It’s easy to be green

(View of the Earth from Apollo 17. Courtesy NASA) 

Ever since I was a kid my family made a conscious effort to recycle. Usually it was just paper because we still had to separate the recyclables back then. Now, with single-stream recycling in Baltimore City, it’s easier than ever to get people to recycle. But recycling is the easy part. It’s the third of the three “R’s”: reduce, reuse, recycle.

Of course, any good thing, taken too far, can have negative consequences. Take for example my empty plastic jar of chocolate soy nut butter (it’s delicious by the way and an awesome treat). I finally used it all last night and set about rinsing the jar for recycling. I thought about how I could possibly reuse the jar therefore making less to recycle, but no ideas came to me. And, in the end, I didn’t want more clutter in my mom’s house. So, the jar got recycled. It’s off to a better place.

But that’s just one jar. True, but it is so easy to make a difference with more green actions than ever before. Your options from clothing materials, cleaning solutions, energy use, transportation and type of food all have an impact on the climate of the planet and our quality of life. They illuminate the way we treat our resources.

Being green is the in thing. It has been for a few years. But some of us were around long enough before “An Inconvenient Truth” to understand that we can’t just be green one week, month or day of the year. This is a commitment that should be lived every day.

As Catholics, we have a particular mission to be stewards of the resources God has given to us. We cannot take care of our fellow man when environmental conditions prevent said person from living a fruitful life. In other areas of our lives, including our faith, we are constantly reminded about the poor and the marginalized. Remember, also, that when we make greener choices, other resources are freed up to help the poor and marginalized. Being green, as a Catholic, is simply another way express our faith.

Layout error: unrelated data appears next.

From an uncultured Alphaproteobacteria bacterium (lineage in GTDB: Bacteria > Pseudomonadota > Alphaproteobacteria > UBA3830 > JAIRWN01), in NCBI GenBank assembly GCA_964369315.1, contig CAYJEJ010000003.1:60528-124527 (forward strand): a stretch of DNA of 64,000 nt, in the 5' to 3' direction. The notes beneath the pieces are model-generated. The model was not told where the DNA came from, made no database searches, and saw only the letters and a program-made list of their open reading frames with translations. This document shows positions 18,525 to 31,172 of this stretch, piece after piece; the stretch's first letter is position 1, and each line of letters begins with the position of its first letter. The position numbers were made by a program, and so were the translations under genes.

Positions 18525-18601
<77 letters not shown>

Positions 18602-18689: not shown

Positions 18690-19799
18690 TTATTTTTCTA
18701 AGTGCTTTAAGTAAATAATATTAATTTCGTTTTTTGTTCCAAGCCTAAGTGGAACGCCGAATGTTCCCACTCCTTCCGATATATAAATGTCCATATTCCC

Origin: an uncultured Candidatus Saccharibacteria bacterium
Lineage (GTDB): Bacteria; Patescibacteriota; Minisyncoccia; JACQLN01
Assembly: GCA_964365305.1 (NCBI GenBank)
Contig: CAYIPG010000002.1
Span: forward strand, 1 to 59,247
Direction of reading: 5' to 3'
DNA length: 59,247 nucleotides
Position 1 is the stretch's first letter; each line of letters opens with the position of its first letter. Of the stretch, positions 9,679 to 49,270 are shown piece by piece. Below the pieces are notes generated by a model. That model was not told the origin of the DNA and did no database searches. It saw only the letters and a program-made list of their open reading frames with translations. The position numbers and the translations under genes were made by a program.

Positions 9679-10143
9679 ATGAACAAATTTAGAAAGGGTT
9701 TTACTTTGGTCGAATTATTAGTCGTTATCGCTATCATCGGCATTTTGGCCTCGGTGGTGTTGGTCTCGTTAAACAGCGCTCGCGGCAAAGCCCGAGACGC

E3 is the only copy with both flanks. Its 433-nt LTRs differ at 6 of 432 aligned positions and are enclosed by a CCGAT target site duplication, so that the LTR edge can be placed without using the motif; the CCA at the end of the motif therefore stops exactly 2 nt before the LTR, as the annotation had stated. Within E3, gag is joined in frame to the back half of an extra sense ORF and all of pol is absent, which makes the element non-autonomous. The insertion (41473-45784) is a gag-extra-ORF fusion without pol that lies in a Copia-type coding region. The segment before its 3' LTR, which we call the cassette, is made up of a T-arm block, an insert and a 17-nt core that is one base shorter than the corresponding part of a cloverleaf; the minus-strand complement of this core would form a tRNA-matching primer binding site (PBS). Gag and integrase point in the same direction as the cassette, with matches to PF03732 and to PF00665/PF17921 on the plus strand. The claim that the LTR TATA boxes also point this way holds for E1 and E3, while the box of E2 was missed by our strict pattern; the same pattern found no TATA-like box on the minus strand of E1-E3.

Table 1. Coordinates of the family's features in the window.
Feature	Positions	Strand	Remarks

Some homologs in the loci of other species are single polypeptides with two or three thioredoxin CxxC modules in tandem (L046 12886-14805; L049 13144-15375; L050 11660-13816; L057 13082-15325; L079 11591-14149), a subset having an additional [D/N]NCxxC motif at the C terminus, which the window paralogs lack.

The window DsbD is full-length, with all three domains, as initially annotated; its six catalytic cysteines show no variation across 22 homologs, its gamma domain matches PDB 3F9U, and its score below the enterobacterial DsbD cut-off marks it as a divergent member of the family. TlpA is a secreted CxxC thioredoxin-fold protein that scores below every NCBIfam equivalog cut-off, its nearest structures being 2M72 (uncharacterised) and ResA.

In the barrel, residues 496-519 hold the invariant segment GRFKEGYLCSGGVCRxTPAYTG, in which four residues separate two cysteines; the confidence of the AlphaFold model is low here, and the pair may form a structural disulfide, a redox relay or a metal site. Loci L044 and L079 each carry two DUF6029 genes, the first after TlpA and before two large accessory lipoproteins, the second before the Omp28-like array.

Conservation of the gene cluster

The Vatican and many other Catholics have lent their voice to the concern of climate change and our destruction of the planet. Here is what Pope Benedict XVI had to say in August 2008:

The brutal consumption of Creation begins where God is not, where matter is henceforth only material for us, where we ourselves are the ultimate demand, where the whole is merely our property and we consume it for ourselves alone… I think, therefore, that true and effective initiatives to prevent the waste and destruction of creation can be implemented and developed, understood and lived, only where Creation is considered as beginning with God.

-Pope Benedict XVI, August 2008


I know being eco-friendly can appear to be overwhelming because there are so many things you can do alone, with your family, or with a group of people to make a difference in the world. I encourage you to start at home and work your way out. Start with the small things in your home that you can do, such as more meatless meals, less water consumption, and reducing energy costs. Then branch out from there to an area of concern that is important to you such as water conservation, land use, building materials, clothing, etc. There are so many paths to being green that today, more than ever, it is truly easy to be green.

For more information on some of the things you can do, starting today, check out the following resources:

Catholic Climate Covenant

U.S. Environmental Protection Agency: Climate Change, What You Can Do

Baltimore Earth Week 2012

Veganism and Spirituality: Discussion lead by me and sponsored by Open the Cages Alliance April 29, 2012

Stay tuned for ways your faith can truly transform the world!


Catholic Review

The Catholic Review is the official publication of the Archdiocese of Baltimore.